Chief executive David Surveyor, who has returned from a trip to Asia, said the company was happy to do that with other industry players, whether it was the likes of kiwifruit growers, cheese or wine makers.

It was also happy to do it with other red meat companies “where it makes sense”, Mr Surveyor said. . . 

Eyes on lamb price as supply falls – Sally Rae:

Time will tell which “fork in the road” lamb prices will take over the coming months, ASB rural economist Nathan Penny says.

While the good news was that prices had stopped falling, the bad news was that prices remained low.

In the latest ASB rural commodities outlook, Mr Penny said one possibility would be “more of the same”, with prices remaining low until the spring before a modest recovery began.

That pattern would be consistent with demand remaining weak, particularly in Europe and the Middle East. . . 

Harvest brings grain glut – Annette Scott:

Canterbury is awash with feed grain, forcing cropping farmers to pay for off-farm storage for the surplus.  

But despite treading water over the next 12 months the industry was confident it had the resilience to ride out the glut, Federated Farmers arable chairman Guy Wigley said.  

The strong harvest this season, combined with a lot of grain carried over from the previous year meant farmers had to account for significant quantities of uncommitted grain. . . 

Farmers win with revived stream

Fish and Game has rewarded the Waikuku Water Management group for its efforts to protect a north Canterbury stream.  

The group is the first recipient of North Canterbury Fish and Game’s Working with Nature Award for outstanding efforts to improve local freshwater habitats.  

The award recognises what Fish and Game describes as the dedicated efforts of a number of farmers to protect and give back to the Waikuku Stream. . .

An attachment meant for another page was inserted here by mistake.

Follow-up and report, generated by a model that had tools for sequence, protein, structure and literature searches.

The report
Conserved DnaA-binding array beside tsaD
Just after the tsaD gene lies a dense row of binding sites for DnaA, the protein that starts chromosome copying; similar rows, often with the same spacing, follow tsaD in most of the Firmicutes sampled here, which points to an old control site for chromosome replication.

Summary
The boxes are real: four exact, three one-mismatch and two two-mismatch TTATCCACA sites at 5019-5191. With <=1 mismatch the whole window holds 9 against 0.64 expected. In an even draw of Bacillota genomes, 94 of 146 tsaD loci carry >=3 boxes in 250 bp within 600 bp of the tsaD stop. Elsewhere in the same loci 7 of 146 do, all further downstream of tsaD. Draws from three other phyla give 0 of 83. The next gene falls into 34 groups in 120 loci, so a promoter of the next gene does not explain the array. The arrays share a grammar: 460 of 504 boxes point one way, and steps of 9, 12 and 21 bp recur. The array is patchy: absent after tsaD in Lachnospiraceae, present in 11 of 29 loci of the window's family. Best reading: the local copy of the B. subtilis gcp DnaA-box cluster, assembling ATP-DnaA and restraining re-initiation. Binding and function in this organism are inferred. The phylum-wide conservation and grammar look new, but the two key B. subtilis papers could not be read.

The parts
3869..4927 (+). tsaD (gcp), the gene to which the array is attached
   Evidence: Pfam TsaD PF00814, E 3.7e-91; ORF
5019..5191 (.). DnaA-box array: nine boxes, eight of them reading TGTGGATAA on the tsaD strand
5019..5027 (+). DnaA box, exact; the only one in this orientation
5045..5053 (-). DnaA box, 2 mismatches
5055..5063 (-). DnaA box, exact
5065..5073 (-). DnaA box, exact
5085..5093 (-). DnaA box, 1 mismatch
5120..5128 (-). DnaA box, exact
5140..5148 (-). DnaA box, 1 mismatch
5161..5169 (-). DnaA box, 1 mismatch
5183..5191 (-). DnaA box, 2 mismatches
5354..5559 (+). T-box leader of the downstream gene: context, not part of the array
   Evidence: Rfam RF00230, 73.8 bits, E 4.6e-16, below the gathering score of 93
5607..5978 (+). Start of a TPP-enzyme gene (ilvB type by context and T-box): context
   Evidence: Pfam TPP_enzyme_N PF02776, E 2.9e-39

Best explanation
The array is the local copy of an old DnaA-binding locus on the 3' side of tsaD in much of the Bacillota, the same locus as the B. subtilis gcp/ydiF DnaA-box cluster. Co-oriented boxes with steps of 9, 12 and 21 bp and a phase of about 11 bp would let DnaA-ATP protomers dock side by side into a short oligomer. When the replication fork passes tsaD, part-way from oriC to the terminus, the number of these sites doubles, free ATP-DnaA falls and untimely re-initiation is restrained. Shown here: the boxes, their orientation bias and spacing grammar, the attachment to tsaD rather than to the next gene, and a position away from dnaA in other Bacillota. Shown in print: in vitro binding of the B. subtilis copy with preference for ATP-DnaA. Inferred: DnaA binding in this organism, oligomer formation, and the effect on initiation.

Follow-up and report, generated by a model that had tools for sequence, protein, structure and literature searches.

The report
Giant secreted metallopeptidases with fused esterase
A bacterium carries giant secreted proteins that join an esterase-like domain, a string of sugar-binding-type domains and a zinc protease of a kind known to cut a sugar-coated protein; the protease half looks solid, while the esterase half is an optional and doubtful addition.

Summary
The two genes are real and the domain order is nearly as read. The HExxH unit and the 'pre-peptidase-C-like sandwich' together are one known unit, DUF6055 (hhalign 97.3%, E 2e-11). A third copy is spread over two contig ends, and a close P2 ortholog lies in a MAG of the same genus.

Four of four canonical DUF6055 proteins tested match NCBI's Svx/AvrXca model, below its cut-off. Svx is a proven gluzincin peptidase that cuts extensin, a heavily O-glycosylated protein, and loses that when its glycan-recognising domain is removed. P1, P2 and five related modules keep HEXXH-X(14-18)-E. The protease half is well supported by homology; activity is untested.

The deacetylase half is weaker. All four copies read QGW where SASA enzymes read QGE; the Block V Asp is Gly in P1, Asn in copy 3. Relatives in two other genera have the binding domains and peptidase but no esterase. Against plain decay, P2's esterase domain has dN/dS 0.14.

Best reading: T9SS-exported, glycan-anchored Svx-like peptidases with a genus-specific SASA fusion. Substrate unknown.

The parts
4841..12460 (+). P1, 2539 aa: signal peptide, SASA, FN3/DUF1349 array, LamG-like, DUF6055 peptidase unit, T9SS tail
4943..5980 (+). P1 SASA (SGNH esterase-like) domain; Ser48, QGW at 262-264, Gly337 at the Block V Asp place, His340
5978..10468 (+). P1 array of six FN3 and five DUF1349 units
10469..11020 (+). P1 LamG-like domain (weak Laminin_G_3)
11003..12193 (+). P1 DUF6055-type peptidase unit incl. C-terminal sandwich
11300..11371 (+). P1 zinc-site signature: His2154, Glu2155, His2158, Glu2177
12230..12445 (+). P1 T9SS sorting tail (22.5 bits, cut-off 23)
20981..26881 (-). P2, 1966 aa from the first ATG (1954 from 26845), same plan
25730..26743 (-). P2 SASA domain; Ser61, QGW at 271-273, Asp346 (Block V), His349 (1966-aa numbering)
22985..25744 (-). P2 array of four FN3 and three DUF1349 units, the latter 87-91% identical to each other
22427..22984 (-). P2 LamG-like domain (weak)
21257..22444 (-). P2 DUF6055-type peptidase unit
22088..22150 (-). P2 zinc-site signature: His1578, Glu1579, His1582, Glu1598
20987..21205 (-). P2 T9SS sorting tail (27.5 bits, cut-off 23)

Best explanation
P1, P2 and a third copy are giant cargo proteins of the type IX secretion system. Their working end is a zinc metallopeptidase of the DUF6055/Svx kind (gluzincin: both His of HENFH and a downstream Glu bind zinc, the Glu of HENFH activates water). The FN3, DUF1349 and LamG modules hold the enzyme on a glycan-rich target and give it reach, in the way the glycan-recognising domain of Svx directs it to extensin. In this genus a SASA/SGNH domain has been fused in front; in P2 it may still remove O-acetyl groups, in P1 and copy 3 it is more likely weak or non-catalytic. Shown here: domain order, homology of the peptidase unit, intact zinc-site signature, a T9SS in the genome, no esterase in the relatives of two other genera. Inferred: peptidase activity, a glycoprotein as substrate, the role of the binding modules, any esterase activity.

Farmer events spread message – Glenys Christian:

Northland dairy farmers have been urged to put strategies in place to move forward, monitor progress and keep communication up.  

A facilitation day organised by the Rural Support Trust, DairyNZ and Federated Farmers in Whangarei attracted more than 30 farmers.  

“That’s a good turnout for the north as some have started autumn calving,” Northland Rural Support Trust co-ordinator Julie Jonker said. . .

 

 

Hat tip: The Farming Show


Rural round-up

August 24, 2015

Increased focus on rural depression:

Health Minister Jonathan Coleman and Primary Industries Minister Nathan Guy have today announced increased training for rural health professionals and community leaders to tackle depression in rural communities.

The commitment is the second part of the one-off $500,000 funding boost for mental health initiatives targeted at rural communities announced at Fieldays.

“Raising awareness of mental health issues in rural communities is important, but you also need the professional support with the right skills to help those who are at risk,” says Dr Coleman. . . 

TPP deal to free up world dairy trade would reduce volatility:

DairyNZ chairman John Luxton writes that major TPP players are holding their dairy consumers to ransom

The news that the Trans Pacific Partnership (TPP) deal has not been agreed because of differences over autos, dairy and intellectual property is no surprise to anyone.